Alternatives to Superintelligence
In part 3 we decided that it is possible for humans — through collective organizing — to exert some control over technological developments. This brought us to two important questions: What would be required to impede the deployment of SI? And, How can we make sure that happens?
In regards to the what question, we can use nuclear monitoring and Mutually Assured Destruction as a model. If many world powers create artificially intelligent agents that are poised to crossover to HLMI and then to SI, and these world powers monitor each other and set up ICBMs to destroy HLMI agents that have been “deployed,” a stalemate could be achieved. This theory assumes that we will be able to successfully monitor HLMI development. While HLMI development cannot be monitored by environmental monitoring, advances in specialized technologies could facilitate monitoring of government entities and corporations with the capacity to develop HLMI. An analog to the Bioweapons Anti-Terrorism Act could be enacted to criminalize private citizens developing HLMI. While monitoring all private citizens capable of developing HLMI would be challenging, the level of computing power and specialized skills required would shrink the pool significantly.
You might be thinking — do we really want to create an international monitoring agency that will monitor private citizens with powerful computers? I don’t want that. But I really don’t want to jump on the Bostrom train either — pushing down the gas pedal on SI development and putting the hopes of human survival into a highly uncertain method for controlling SI. Would a global monitoring system be any less dystopic than the various possible existential catastrophes Bostrom outlines? We have accepted monitoring systems for nuclear testing, and we were close to doing the same for biological weapons — why wouldn’t we do the same for an equally terrifying threat to human survival?
Side note: A halt on HLMI deployment does not mean a halt on all technological developments. Halting HLMI would not, for instance, impede important medical advances that use machine learning but are extremely specialized. These medical devices, while incredible, are not “generally intelligent,” and neither — for that matter — are self-driving cars or SIRI. Just because technologies do certain human tasks very well (e.g. driving or speech recognition), does not mean that they have Human Level Machine Intelligence (being able to do almost all human tasks as well as the average human).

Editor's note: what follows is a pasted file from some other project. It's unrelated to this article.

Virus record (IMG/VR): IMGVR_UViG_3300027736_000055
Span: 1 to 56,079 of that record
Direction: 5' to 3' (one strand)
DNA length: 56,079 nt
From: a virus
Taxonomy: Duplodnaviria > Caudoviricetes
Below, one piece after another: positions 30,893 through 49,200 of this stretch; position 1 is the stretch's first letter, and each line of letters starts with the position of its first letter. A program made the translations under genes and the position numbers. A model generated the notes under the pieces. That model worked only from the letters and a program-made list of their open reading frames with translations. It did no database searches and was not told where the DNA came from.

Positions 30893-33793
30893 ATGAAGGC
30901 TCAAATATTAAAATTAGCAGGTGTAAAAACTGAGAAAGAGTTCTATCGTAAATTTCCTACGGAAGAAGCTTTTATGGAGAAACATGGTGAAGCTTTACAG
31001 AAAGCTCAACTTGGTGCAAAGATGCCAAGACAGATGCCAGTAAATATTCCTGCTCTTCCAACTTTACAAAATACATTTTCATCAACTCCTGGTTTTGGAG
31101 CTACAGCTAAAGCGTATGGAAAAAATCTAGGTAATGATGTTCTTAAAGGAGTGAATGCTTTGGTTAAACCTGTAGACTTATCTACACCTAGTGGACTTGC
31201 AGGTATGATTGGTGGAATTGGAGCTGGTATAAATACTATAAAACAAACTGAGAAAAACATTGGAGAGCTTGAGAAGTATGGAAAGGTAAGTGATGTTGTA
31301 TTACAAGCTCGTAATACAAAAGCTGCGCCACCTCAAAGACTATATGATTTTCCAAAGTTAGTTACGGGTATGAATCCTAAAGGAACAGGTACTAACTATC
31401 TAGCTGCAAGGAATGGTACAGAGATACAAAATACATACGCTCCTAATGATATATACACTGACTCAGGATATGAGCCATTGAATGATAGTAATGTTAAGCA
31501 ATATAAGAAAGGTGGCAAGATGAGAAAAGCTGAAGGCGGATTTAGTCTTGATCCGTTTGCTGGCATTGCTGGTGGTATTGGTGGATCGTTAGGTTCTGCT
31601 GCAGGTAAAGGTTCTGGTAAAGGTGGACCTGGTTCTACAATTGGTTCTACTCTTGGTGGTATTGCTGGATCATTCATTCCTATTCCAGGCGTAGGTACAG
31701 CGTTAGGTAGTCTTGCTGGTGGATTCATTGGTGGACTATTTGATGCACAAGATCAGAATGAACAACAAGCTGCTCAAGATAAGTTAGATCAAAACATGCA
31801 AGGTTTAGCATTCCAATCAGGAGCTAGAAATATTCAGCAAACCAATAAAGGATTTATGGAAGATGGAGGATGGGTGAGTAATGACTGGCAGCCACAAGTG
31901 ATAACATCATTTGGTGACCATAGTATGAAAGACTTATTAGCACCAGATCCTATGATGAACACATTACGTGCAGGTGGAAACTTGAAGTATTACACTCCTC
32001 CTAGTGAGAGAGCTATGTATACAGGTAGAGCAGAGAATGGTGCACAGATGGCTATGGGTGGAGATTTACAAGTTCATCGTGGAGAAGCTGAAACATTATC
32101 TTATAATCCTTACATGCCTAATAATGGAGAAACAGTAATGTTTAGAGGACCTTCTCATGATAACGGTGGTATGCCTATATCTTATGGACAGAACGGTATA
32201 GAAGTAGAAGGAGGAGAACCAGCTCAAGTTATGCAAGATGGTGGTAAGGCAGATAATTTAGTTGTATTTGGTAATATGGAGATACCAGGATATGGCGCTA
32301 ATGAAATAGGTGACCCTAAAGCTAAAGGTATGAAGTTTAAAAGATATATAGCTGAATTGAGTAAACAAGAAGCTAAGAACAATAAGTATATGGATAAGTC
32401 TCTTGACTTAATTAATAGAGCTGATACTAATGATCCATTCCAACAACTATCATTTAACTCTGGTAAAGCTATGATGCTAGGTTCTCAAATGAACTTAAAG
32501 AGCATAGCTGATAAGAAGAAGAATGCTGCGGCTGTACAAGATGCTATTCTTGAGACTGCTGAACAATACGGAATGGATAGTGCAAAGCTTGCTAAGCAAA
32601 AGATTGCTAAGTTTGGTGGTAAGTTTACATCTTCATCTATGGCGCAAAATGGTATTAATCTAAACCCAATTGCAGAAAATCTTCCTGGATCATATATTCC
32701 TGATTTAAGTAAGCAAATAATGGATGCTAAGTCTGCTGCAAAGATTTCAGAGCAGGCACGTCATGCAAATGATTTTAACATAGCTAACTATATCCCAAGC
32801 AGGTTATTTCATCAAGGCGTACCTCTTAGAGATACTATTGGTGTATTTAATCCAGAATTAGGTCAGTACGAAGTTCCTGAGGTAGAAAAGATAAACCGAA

In regards to how question, I think that the progression of artificial intelligence improvements will naturally attract mass interest in SI. Huge numbers of people will be pushed out of jobs due to improvements in specific artificial intelligence. If those people can be made to see that mechanization is the true driving force behind their suffering — rather than being distracted by scapegoats like globalization and Mexicanization — then there might be enough anti technological advance momentum to impact political decisions. Maybe when 3.4 million Americans are replaced by self-driving vehicles mechanization’s downsides will become unavoidably obvious. But, we must not assume that it will. To impede the power of scapegoating, we need to spread this discussion to the people who will be most impacted by job loss from specialized AI.
Spreading idiosyncratic discussion about SI deployment is key in preventing scapegoating and in guiding people toward positive action. Clear understanding of SI is required for funneling energy toward the requisite international organizing that can impede its deployment. Without a clear understanding of SI, anger about the suffering caused by mechanization could easily lead to chaos. We must avoid the destructive and ineffective machine-smashing coup that ends Kurt Vonnegut’s novel, Player Piano, and instead offer effective and peaceful means for people to express their indignation. In Player Piano, the “revolutionaries” burn a city to the ground, are defeated and captured, and then offer each other the self-satisfied toast: “To the record.” But we must not be satisfied with changing “the record.” We must only be satisfied by changing the world.